B-BBEE is a uniquely South African empowerment policy. Solutions have to be tailormade to meet the distinctive needs of both the organisation in question and the objectives of the government’s National Development Plan. Unlike any other corporate strategies, B-BBEE cannot be merely Googled and then applied as a one size fits all. It has to meet criteria that will bolster broad economic opportunities for ‘Black’ People and businesses. The overriding principles of B-BBEE are to promote economic growth through encouraging broad participation.
The approach to developing and implementing a B-BBEE strategy should never be driven by the end-result of a scorecard and must not contribute to a point where it is detrimental to a business’ bottom line.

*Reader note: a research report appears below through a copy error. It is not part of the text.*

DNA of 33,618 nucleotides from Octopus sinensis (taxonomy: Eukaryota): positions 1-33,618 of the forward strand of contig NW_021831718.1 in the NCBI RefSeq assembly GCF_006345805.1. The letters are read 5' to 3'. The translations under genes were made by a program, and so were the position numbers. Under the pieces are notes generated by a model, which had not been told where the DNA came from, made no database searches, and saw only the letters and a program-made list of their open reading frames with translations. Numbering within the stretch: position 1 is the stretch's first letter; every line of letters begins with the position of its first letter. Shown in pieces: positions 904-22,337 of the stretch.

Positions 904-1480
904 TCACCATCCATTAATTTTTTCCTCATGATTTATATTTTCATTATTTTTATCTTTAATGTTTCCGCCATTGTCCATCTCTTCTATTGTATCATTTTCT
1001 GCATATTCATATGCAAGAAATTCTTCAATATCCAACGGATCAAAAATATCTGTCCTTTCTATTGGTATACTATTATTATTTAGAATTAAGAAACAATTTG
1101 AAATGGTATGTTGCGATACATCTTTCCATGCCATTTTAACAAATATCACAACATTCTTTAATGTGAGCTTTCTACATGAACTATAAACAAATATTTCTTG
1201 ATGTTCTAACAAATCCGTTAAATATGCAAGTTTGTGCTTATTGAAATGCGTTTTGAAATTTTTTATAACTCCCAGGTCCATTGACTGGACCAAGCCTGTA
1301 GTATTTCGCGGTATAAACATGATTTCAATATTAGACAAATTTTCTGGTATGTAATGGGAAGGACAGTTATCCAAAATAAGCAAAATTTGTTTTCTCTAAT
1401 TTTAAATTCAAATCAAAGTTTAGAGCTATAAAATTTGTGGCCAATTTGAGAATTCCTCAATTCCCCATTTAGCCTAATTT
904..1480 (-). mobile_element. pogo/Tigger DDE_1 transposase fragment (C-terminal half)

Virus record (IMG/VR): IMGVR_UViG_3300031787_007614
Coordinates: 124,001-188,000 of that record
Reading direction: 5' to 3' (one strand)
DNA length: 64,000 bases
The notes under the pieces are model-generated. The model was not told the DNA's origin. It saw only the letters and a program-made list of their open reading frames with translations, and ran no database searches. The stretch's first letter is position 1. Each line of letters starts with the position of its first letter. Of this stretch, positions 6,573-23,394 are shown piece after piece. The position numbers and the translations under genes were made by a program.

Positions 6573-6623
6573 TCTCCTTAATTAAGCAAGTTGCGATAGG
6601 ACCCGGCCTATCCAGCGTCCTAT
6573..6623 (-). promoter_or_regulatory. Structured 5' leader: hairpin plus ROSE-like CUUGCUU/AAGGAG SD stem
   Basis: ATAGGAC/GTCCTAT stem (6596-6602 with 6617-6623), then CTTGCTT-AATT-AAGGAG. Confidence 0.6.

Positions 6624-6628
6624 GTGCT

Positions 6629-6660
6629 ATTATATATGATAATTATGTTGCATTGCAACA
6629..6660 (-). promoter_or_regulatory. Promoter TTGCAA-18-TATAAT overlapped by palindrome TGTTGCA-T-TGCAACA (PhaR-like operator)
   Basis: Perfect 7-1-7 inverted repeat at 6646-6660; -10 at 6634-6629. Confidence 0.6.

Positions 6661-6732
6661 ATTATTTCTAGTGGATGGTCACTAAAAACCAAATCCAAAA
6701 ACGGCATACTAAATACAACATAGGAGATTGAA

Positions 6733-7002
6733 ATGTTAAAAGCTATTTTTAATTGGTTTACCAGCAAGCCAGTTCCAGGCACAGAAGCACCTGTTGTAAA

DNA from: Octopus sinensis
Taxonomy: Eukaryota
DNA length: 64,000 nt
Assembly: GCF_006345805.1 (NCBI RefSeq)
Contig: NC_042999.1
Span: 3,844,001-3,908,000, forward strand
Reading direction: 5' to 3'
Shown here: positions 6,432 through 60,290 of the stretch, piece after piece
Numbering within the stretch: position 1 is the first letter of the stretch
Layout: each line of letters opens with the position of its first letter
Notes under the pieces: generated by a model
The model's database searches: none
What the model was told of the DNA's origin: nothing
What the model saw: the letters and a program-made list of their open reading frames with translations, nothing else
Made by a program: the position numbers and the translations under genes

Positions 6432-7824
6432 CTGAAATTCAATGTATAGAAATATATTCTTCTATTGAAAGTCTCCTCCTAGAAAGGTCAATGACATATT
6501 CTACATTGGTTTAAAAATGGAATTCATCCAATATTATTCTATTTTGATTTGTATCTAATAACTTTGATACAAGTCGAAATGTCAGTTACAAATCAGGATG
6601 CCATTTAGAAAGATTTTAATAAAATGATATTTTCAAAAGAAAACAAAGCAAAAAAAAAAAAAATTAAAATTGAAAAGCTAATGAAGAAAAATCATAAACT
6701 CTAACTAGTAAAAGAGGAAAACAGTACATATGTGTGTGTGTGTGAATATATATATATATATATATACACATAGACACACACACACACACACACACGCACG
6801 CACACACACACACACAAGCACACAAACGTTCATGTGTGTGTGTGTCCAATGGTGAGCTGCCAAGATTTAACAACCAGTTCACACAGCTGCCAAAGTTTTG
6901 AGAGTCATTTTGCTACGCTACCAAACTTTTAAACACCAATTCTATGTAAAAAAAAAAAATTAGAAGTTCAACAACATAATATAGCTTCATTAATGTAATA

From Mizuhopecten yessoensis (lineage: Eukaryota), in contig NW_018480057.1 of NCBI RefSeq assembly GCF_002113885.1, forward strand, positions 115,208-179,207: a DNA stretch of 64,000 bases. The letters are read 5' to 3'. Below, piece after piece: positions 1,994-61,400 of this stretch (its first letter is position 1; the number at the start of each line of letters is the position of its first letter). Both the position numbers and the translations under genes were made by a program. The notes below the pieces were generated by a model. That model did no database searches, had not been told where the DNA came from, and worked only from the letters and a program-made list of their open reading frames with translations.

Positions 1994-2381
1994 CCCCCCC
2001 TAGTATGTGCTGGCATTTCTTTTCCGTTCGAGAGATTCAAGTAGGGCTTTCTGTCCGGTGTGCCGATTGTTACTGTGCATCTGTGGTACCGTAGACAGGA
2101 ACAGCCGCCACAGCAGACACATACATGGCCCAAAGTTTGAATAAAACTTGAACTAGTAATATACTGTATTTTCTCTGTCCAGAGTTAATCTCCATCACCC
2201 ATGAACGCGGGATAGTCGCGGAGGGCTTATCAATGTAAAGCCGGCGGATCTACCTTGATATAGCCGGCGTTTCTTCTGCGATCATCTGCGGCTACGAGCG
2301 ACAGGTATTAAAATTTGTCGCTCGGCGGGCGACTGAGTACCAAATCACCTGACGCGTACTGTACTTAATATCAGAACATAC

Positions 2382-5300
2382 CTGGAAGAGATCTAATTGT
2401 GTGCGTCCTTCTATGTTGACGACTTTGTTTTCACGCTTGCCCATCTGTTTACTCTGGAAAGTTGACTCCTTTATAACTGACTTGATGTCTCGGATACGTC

Although many organisations are in a position to use the services of external consultants, there should be at least one internal person who has a holistic understanding of B-BBEE. This would ensure that organisations are fully aware of the validity of solutions being implemented and able to manage the process end-to-end. In many cases, organisations fall short on rebates and incentives available through either a lack knowledge as to what can be claimed or, worse still, not submitting such claims through the correct channels or on prescribed documentation.
Never over-simplify B-BBEE, as it is not an annual event; it’s an ongoing process that should be consistently monitored and evaluated.